A time traveling cop, Jack Deth, from the future is taken back to the past to be given the task of destroying the Trancer program before it has a chance to get out of control, sending the ... See full summary »
It is Los Angeles, 1991. Jack Deth has become accustomed to life with his new wife, Lena, in the six years since they singed Whistler. Hap Ashby, a former pitcher for the California Angels,... See full summary »
Brick Bardo (Tim Thomerson) is a traveller from outer space who is forced to land on Earth. Though regular sized on his home planet, he is doll-sized here on Earth, as are the enemy forces ... See full summary »
Jackie Earle Haley,
Jack Deth is a kind of cop/bounty hunter in the bleak Los Angeles of the future. He's become obssessed with chasing Whistler - an evil criminal who uses powerful hypnotic powers to convert ... See full summary »
Continuing after the first "Subspecies", a woman who has just become a vampire tries to escape the evil vampire, Radu, who seeks her as his love interest. But she has taken the vampire ... See full summary »
A young scientist working on an artificial intelligence project is the target of strange gremlin-like creatures, who are out to kill him and thus terminate his research. By coincidence, in ... See full summary »
In a Stateside hotel during the height of World War II, young Danny Coogan dreams of joining the war effort. Following the murder of hotel guest Mr. Toulon by Nazi assassins, Danny finds ... See full summary »
Taylor M. Graham,
Jack is now back in the future. He had since lost Lena, and finds out that he's lost his other wife Alice to none other than Harris. While heading out for another assignment, something goes... See full summary »
A time traveling cop, Jack Deth, from the future is taken back to the past to be given the task of destroying the Trancer program before it has a chance to get out of control, sending the world into a state of chaos and war. Written by
Executive producer Charles Band stated in an interview that he was originally going to direct this sequel (as he directed Trancers I and II) but his responsibilities as president of Full Moon Entertainment did not allow him the pleasure to. See more »
R.A. Mihailoff's name is misspelled in the beginning credits. It is spelled R.A. Mahailoff and then it is spelled correctly in the closing credits. See more »
You know, this could be the beginning of a beautiful... forget it!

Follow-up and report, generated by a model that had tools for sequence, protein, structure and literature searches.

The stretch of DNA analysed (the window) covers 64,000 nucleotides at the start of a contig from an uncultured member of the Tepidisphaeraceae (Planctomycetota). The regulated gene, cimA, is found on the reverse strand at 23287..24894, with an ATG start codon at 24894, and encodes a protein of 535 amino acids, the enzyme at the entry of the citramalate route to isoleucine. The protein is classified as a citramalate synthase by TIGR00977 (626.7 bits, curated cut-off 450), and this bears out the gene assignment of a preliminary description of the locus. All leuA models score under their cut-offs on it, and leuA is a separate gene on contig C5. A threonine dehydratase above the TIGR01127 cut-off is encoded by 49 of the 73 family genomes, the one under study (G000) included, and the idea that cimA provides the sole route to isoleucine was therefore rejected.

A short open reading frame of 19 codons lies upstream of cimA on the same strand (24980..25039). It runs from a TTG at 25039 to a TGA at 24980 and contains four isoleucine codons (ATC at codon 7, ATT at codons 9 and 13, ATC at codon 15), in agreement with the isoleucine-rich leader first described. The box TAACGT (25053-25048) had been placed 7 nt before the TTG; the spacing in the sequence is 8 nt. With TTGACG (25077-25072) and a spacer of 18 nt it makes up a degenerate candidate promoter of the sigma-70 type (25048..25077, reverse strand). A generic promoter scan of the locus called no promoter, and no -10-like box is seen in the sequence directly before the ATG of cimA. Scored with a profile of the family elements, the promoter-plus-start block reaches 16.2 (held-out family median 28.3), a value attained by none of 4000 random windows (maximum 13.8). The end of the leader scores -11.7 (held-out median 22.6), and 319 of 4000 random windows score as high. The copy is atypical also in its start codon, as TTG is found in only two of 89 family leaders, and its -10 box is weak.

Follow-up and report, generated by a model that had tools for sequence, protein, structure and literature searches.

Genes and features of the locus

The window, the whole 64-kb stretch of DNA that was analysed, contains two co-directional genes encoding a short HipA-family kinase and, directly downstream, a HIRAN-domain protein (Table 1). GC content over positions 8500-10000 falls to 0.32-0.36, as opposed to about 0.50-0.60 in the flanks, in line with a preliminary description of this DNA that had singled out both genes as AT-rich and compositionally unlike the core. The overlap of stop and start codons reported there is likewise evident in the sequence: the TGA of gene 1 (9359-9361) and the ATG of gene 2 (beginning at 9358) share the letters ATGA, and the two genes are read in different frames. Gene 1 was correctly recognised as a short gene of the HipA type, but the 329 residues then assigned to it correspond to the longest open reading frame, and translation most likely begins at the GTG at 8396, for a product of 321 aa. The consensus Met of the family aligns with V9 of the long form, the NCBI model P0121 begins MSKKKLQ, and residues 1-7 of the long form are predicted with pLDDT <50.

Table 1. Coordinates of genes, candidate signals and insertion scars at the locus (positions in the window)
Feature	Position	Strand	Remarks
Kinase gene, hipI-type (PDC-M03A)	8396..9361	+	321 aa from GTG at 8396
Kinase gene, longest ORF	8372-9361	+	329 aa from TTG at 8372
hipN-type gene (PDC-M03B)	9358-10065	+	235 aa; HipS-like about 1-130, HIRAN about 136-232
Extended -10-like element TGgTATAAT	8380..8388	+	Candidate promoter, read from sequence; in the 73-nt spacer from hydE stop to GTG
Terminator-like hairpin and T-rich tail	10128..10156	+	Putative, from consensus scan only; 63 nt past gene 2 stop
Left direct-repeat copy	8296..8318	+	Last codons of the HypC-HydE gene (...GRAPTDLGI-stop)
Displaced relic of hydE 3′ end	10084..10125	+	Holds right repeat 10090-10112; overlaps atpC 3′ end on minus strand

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Possibly as good as the original, definitely better than II
Trancers was a very enjoyable B Sci-Fi flick. The sequel was rather poor, and left me questioning the wisdom of making the movies into a franchise. However, Trancers III made me rethink that.
Trancers III reunites us with Jack Deth, a cop sent to 20th-Century Los Angeles to protect the future. In this brief installment, Jack is temporarily brought back to his own time to find that things have gone terribly wrong in Angel City (though no one seems to call it that in this movie for some reason). He is then sent back in time to 2005, to try and destroy the project that originally created the titular Trancers; humans turned into killing machines.
Charles Band appears to have wanted to amp up the action in this movie, I think it had more shoot-outs than the first two movies combined. However, it fell into the trap a lot of movies (especially Sci-Fi movies) do. The bad guys had worse aim than a company of Star Wars Imperial Stormtroopers. It sort of takes the wind out of an action scene when one guy is able to take on foes who outnumber him 10 to 1 and walk away without a scratch.
One thing that I was pleased by was the main villain in this movie. I won't give anything away, but I will say that he was the more complex than the bad guys in the previous two films. He had motivation beyond the typical Evil Overlord Megalomania used by lazy screenwriters.
Jack Deth didn't toss off one-liners quite like he did in the original film (and the one at the very end felt rather forced), but Tim Thomerson nevertheless was enjoyable to watch. The cameos by Helen Hunt (who by this point was on Mad About You) and Megan Ward were nice touches, as well.
The internal logic of the movies always seemed non-existent to me, and this one was no exception. I get the feeling Charles Band was more or less making up things as he went along, as there was little continuity in the movie. But, that's true of the series as a whole, and if you're willing to ignore such things, then you should get a good deal of enjoyment out of this movie.
3 of 3 people found this review helpful.
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